Hybrid cars are becoming more popular and more diverse, with new ranges coming out all the time. In 2009, companies such as Toyota, Mercedes, Lexus and Porsche are all due to be releasing new hybrid car ranges, to great acclaim from environmentalists.
But why are environmentalists, scientists and the general public so keen on the idea of switching from traditional petrol cars to hybrid cars? Because of the effect that CO2 emissions are having on the environment, and the hybrids ability to cut down those emissions considerably, the hybrid car is being championed as a tool in the fight to reduce the damage we are doing to the planet.
CO2 emissions are largely responsible for global warming, a very real danger to the planets ecological system. With such dangers as arctic ice raising the water level of the oceans, increased temperatures killing off plants and animals and air quality being severely impaired it is important that we start developing ways of reducing our CO2 output.
This is where hybrid car technology comes in. Car travel is a major source of CO2 emissions. In the UK, transport (not including air travel) is responsible for 24% of the UK's domestic CO2 emissions, with car travel taking up 90% of that figure.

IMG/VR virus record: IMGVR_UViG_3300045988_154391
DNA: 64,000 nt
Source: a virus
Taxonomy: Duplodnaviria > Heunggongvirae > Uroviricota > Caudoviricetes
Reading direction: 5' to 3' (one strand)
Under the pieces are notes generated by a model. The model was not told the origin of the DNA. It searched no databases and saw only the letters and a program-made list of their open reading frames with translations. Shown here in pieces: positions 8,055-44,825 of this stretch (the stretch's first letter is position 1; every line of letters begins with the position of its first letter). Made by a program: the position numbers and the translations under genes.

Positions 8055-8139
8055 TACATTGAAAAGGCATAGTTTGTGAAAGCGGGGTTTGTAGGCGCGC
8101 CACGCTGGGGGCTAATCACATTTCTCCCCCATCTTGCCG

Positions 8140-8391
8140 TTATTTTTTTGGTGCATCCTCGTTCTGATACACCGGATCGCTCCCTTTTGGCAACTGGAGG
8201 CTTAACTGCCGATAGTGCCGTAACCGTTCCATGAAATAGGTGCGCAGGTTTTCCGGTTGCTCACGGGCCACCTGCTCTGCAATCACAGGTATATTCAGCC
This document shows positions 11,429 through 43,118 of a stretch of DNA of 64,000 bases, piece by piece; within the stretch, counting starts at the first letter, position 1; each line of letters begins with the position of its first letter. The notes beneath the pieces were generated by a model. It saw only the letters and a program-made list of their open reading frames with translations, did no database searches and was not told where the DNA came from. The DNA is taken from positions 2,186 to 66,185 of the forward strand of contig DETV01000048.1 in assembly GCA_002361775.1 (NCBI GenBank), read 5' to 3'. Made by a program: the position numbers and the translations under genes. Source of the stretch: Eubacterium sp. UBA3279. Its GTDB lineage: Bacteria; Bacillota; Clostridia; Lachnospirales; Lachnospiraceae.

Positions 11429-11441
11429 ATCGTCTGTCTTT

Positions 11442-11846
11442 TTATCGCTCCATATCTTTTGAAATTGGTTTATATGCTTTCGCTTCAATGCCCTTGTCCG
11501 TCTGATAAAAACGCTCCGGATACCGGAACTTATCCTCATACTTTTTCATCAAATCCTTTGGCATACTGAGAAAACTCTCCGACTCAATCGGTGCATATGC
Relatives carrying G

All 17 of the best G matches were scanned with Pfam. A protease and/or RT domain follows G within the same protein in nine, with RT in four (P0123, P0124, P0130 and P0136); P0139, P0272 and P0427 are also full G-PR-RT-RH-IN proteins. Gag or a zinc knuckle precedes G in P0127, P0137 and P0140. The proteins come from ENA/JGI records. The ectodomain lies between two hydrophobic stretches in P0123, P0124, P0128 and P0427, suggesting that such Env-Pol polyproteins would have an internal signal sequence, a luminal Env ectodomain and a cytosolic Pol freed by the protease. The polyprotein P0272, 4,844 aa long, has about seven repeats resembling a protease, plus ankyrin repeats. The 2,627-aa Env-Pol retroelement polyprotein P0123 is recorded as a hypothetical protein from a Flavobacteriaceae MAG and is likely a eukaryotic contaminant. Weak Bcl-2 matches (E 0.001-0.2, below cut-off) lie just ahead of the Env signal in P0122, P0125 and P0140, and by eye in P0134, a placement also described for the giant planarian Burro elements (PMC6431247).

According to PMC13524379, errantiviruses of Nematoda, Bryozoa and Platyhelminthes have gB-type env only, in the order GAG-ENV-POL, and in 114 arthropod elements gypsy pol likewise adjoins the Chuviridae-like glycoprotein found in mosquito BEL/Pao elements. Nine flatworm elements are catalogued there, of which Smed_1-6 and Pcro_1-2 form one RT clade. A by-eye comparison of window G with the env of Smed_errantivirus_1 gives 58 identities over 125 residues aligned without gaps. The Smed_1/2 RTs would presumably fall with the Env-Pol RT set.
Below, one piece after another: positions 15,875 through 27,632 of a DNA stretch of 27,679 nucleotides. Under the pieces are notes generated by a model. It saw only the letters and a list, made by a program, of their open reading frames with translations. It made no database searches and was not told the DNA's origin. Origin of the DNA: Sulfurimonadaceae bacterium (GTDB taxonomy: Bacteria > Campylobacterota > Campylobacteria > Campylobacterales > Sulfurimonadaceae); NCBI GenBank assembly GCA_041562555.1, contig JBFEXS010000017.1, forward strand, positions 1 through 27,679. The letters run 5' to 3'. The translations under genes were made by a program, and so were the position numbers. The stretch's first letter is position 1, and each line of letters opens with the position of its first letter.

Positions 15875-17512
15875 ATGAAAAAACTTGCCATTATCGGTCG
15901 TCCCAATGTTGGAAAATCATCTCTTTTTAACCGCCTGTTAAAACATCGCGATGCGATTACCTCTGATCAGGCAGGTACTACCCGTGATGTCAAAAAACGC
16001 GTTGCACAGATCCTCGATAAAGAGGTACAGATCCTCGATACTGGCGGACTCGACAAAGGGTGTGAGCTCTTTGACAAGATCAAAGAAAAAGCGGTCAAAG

So any method of reducing such emissions would go a long way to helping reduce the damage that we are doing to the environment. That is where hybrid car technology steps in. With its ability to switch between electric and conventional car systems the emissions from a hybrid car are far less than that of a 'traditional' car.
If the use of hybrid technology in cars were to become widespread then the figures on CO2 emissions would drop by a significant number, helping the UK to reduce its impact upon global warming.
For the public who might not be that concerned about CO2 emissions, there is one more practical benefit. Namely, a hybrid uses less petrol, saving on the person's weekly fuel expenditure.
So why not just get an electric car, then? Wouldn't that save as much or even more petrol? Sure, but there's a security issue. Many electric car owners have told horror stories of being out on an abandoned road, far from home, only to have the battery run out of power. It doesn't matter how far the closest gas station is at this point.
Hybrid owners, however, overcome this annoyance. The engine on a hybrid starts up as soon as it detects that the battery is getting low. As it runs, this motor charges the battery. As a result, a hybrid vehicle never requires being plugged into an electrical outlet. The engine does it all. Just don't forget to fill the petrol tank.